A recent study indicates that, whilst participants generally do understand that the virtual environment is not the same as the real environment in the moment, the spatial and relational qualities of virtual reality can make it difficult to reliably distinguish between memories of “real” and virtual experiences over time. They refer to this as a blurring of “perceptual proximity” (Rubo et al., 2021) between virtual reality and lived experience. It has been suggested that this blurring may be even more pronounced in younger participants (Liao et al., 2019) who are still forming their phenomenological self-models and sense of objective reality.


In virtual reality, the illusion of presence, particularly self-presence is intrinsically linked to the concept of “embodiment.” This partly relates to the presence or absence of an avatar, giving the user a sense of their physicality in the virtual world. Embodiment is also intrinsically connected to the participant’s ability to take action within the virtual scene. At a basic level, the embodied participant can choose where to look and for how long in a virtual reality experience. If available, the participant in VR may also choose to move around within a scene, to touch and interact with objects in the environment, to make choices that impact of the progression of the experience, to use their voice to interact with non-playable characters, AI informed characters or other participants in multi-person environments who have their own agency and embodied reality to explore within the virtual space.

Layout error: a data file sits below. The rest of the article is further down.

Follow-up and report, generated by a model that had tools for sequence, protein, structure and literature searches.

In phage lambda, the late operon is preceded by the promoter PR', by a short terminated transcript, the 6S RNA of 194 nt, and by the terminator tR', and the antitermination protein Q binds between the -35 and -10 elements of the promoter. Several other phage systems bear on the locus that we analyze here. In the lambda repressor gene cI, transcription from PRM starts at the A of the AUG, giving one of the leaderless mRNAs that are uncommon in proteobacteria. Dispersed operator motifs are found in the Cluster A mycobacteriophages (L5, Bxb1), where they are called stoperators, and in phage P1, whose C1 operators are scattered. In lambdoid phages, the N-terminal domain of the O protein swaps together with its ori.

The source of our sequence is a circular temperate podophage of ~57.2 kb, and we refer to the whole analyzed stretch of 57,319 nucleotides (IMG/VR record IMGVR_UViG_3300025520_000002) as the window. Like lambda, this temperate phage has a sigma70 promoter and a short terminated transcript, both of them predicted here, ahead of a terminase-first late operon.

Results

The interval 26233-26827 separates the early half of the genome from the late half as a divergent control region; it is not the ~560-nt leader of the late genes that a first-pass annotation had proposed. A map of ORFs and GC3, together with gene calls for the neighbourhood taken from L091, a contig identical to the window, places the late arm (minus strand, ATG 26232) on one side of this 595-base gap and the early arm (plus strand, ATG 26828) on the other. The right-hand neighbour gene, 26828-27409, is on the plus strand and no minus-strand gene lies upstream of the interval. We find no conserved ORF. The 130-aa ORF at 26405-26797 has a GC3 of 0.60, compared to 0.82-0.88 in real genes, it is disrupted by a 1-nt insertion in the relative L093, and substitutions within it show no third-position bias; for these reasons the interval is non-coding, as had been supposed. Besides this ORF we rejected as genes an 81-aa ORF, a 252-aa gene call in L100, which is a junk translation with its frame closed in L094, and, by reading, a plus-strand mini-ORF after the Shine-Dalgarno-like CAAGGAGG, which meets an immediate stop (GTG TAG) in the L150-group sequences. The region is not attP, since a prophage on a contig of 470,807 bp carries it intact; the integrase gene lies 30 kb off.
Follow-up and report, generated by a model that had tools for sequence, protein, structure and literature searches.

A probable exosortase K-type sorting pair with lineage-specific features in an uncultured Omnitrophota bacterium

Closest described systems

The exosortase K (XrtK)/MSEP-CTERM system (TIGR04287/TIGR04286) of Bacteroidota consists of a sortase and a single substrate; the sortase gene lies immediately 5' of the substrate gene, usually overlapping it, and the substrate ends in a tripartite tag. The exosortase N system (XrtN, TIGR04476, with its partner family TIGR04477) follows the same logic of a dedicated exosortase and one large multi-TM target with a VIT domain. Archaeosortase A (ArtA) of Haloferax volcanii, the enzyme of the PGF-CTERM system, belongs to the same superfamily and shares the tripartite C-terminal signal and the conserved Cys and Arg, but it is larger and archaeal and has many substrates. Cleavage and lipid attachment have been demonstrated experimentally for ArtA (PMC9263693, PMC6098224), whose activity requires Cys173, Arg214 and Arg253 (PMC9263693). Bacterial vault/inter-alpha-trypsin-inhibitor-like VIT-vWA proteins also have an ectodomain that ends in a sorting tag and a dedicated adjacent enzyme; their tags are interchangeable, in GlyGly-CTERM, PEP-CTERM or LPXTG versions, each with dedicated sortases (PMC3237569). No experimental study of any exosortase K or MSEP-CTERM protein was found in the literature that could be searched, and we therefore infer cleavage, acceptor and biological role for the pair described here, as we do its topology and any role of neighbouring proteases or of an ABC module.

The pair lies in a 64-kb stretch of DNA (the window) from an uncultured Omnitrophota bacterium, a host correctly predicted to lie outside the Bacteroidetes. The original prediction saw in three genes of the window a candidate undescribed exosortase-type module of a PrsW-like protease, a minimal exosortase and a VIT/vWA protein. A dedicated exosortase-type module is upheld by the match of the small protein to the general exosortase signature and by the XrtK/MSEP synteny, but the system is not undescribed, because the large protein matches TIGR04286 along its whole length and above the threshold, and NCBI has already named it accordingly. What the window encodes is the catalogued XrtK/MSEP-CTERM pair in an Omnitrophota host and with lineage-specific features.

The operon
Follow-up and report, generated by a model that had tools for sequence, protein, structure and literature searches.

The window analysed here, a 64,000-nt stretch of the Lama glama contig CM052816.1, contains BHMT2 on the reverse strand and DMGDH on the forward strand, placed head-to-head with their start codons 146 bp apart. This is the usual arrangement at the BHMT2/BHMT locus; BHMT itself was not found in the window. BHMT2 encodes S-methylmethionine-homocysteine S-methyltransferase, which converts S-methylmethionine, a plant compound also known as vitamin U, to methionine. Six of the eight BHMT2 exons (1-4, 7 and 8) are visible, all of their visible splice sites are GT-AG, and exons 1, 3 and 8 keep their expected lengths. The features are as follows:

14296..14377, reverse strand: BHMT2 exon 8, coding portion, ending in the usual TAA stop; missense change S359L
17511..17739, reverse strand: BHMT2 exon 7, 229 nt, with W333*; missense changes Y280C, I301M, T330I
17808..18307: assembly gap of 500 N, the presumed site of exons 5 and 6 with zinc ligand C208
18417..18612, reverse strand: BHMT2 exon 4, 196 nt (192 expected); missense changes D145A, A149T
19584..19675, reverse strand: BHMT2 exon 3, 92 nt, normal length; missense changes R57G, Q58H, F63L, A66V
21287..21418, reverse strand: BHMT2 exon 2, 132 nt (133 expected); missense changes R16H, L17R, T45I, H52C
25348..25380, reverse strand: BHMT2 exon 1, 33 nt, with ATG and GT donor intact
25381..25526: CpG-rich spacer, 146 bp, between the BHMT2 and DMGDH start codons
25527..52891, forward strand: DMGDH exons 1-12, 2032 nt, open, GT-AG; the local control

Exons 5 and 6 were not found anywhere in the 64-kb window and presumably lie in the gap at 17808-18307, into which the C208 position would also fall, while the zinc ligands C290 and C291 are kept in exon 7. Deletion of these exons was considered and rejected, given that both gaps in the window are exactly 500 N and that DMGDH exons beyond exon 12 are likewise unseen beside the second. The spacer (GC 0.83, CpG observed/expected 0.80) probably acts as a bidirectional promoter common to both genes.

Sanchez-Vives and Slater suggest that “Presence is tantamount to successfully supported action in the environment...reality is formed through actions, rather than through mental filters.” They go on to suggest that “The key to this approach is that the sense of “being there” in a VE is grounded on the ability to “do” there” (Sanchez-Vives and Slater, 2005). This is an approach that has caused some within the immersive sector to suggest replacing the term “storytelling” with more experiential, user-centric language such as “story doing” (Allen, 2017), “story living” (Connect4Climate, 2017; Robinson, 2016) or “story finding” (Uricchio, 2020) as terms that are more indicative of the active role played by a participant within a virtual reality story world.